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The essential role of reconfiguration capabilities in the implementation of HIV-related health information exchanges.

  • Author(s): Steward, Wayne T
  • Koester, Kimberly A
  • Collins, Shane P
  • Maiorana, Andre
  • Myers, Janet J
  • et al.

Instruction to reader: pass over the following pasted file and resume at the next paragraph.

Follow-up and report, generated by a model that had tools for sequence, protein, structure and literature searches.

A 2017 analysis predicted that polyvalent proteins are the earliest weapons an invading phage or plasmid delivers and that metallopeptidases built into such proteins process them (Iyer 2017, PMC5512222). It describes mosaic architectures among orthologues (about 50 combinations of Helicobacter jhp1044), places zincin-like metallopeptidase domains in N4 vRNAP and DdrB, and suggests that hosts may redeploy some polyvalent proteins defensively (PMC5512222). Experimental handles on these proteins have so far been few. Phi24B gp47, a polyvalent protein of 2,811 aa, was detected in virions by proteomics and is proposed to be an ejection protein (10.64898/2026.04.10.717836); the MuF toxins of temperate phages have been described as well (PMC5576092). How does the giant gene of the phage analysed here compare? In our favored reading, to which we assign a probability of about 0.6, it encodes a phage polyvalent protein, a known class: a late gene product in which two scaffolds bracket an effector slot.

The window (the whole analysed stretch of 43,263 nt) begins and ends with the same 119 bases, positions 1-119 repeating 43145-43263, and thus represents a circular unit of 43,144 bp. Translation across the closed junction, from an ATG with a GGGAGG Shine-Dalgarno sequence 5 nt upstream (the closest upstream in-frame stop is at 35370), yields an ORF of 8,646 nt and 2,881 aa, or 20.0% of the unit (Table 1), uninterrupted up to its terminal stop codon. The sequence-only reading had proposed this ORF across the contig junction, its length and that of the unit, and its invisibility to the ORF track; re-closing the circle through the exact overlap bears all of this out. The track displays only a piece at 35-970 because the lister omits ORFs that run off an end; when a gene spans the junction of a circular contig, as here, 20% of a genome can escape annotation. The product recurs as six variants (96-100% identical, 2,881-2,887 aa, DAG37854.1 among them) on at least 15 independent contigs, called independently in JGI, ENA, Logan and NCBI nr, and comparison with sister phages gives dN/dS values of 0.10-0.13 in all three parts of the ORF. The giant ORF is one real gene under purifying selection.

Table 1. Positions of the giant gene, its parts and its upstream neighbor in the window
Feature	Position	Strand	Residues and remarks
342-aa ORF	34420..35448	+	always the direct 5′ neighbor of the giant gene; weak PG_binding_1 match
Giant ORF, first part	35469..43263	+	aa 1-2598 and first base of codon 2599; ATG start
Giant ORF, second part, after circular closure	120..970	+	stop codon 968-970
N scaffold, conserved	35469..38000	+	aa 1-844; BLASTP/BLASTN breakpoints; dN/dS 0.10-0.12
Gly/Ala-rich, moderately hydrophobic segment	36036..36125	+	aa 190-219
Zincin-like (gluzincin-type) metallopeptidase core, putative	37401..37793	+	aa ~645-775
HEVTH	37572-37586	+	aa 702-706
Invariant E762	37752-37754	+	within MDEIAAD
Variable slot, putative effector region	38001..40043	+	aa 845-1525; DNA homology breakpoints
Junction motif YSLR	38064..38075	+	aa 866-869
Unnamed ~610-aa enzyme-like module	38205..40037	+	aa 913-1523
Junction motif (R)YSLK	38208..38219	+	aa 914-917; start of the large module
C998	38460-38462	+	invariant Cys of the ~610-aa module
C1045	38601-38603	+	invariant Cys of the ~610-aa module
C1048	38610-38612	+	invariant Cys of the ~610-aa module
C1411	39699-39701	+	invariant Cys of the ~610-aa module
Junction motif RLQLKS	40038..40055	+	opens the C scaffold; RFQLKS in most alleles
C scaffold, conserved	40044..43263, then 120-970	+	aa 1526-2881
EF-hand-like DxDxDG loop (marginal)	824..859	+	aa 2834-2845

PURPOSE: To understand the dynamic capabilities that enabled the six demonstration projects of the Information Technology Networks of Care Initiative to implement health information exchanges (HIEs) tailored to their local HIV epidemics and regional care systems. METHODS: We conducted 111 semi-structured interviews with project staff and information technology (IT) specialists associated with the demonstration projects, staff from community-based organizations and public health agencies collaborating in the design and implementation of the HIEs, and providers who used each HIE. The dynamic capability framework guided analyses. In the context of a HIE, the framework's components include information systems (the actual technological exchange systems and capacity to update them), absorptive capacity (the ability to implement an operating HIE), reconfiguration capacity (the ability to adapt workflows and clinical practices in response to a HIE), and organizational size and human resources (characteristics likely to affect a clinic's ability to respond). RESULTS: Across the projects, we found evidence for the importance of three dynamic capabilities: information systems, reconfiguration capacity, and organizational size and human resources. However, of these three, reconfiguration capacity was the most salient. Implementation outcomes at all six of the projects were shaped substantially by the degree of attention dedicated to reworking procedures and practices so that HIE usage became routine. CONCLUSION: Electronic information exchange offers the promise of improved coordination of care. However, implementation of HIEs goes beyond programing and hardware installation challenges, and requires close attention to the needs of the HIEs end-users. Providers need to discern value from a HIE because their active participation is essential to ensuring that clinic and agency practices and procedures are reconfigured to incorporate new systems into daily work processes.

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